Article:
Although Gulf Arabs have traded with Africans for centuries, the global financial crisis from 2007 to 2008 motivated GCC states to deepen their economic ties with Africa. With economies in the West slowing down, Africa’s fast-growing economies and expanding middle classes became an increasingly attractive prospect for investors across the world. But three other key factors prompted GCC states to turn to Africa. Building economic ties in Africa helped Gulf states capitalize on their geostrategic location, increase their food security, and enhance their reputation as benevolent Muslim actors. Expanding their economic influence in Africa has provided GCC states with their most important source of leverage to advance their security and diplomatic goals.
GCC states have advanced their strategies of economic diversification and reduced reliance on oil by investing in African markets, which became even more critical when oil prices crashed in 2014. The UAE invested an estimated $11 billion in capital in Africa in 2016, overtaking Saudi Arabia to become the largest GCC investor and the second largest in the world after China.2 Gulf companies’ expertise in the energy sector makes them especially attractive to African states seeking to develop their energy industries, and Saudi Arabia recently announced a $10 billion investment in South Africa’s energy sector.3 Meanwhile, Gulf states’ ability to execute large-scale infrastructure projects is also appealing to rapidly-developing African states.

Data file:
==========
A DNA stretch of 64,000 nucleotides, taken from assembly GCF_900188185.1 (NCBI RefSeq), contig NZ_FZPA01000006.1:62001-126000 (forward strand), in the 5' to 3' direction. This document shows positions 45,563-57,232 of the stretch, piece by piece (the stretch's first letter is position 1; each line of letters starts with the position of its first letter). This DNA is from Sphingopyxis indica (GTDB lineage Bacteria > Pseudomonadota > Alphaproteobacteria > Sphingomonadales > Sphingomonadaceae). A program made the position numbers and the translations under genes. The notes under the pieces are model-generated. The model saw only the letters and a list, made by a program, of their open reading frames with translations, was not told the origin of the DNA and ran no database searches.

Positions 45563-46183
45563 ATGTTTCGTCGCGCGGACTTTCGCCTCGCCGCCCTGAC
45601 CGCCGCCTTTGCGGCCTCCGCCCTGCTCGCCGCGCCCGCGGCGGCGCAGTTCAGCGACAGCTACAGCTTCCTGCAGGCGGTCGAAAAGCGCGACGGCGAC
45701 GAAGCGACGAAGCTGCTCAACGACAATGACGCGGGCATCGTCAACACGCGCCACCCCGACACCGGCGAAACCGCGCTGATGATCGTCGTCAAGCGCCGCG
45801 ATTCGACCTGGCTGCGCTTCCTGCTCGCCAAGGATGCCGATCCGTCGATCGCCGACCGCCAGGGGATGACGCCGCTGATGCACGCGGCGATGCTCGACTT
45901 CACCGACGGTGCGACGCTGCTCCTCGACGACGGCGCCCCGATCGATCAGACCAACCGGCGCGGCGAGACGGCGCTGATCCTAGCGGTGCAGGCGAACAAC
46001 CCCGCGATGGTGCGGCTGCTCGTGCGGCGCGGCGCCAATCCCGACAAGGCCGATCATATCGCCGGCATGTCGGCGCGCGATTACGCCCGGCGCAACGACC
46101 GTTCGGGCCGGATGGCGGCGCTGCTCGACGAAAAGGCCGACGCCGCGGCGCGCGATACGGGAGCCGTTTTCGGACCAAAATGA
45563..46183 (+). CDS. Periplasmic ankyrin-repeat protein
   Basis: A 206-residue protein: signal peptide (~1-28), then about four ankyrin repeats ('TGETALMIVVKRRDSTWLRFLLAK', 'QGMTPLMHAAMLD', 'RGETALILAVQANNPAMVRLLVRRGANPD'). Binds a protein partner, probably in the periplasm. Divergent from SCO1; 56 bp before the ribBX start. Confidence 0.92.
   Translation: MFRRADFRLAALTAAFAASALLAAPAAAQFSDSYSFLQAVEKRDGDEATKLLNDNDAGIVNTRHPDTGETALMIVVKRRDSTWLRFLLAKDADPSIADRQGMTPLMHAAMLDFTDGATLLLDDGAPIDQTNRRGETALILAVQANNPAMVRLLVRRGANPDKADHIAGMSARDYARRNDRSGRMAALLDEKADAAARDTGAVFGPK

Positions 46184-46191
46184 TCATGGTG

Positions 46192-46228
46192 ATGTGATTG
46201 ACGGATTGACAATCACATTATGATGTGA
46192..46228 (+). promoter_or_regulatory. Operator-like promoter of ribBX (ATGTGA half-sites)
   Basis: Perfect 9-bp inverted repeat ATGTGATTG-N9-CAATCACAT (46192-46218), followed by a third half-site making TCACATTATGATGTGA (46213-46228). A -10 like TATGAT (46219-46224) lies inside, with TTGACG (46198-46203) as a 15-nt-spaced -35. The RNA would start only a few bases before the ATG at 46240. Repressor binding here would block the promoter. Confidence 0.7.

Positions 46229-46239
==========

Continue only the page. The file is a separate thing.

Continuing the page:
APA/ AFP/ Getty/ Reuters


Gulf State/ Africa/ African Intervention/ Horn of Africa/ Somalia/ Djibouti/ Tanzania/ South Africa/ China/ Economic Exploitation/ Concessions

April 2021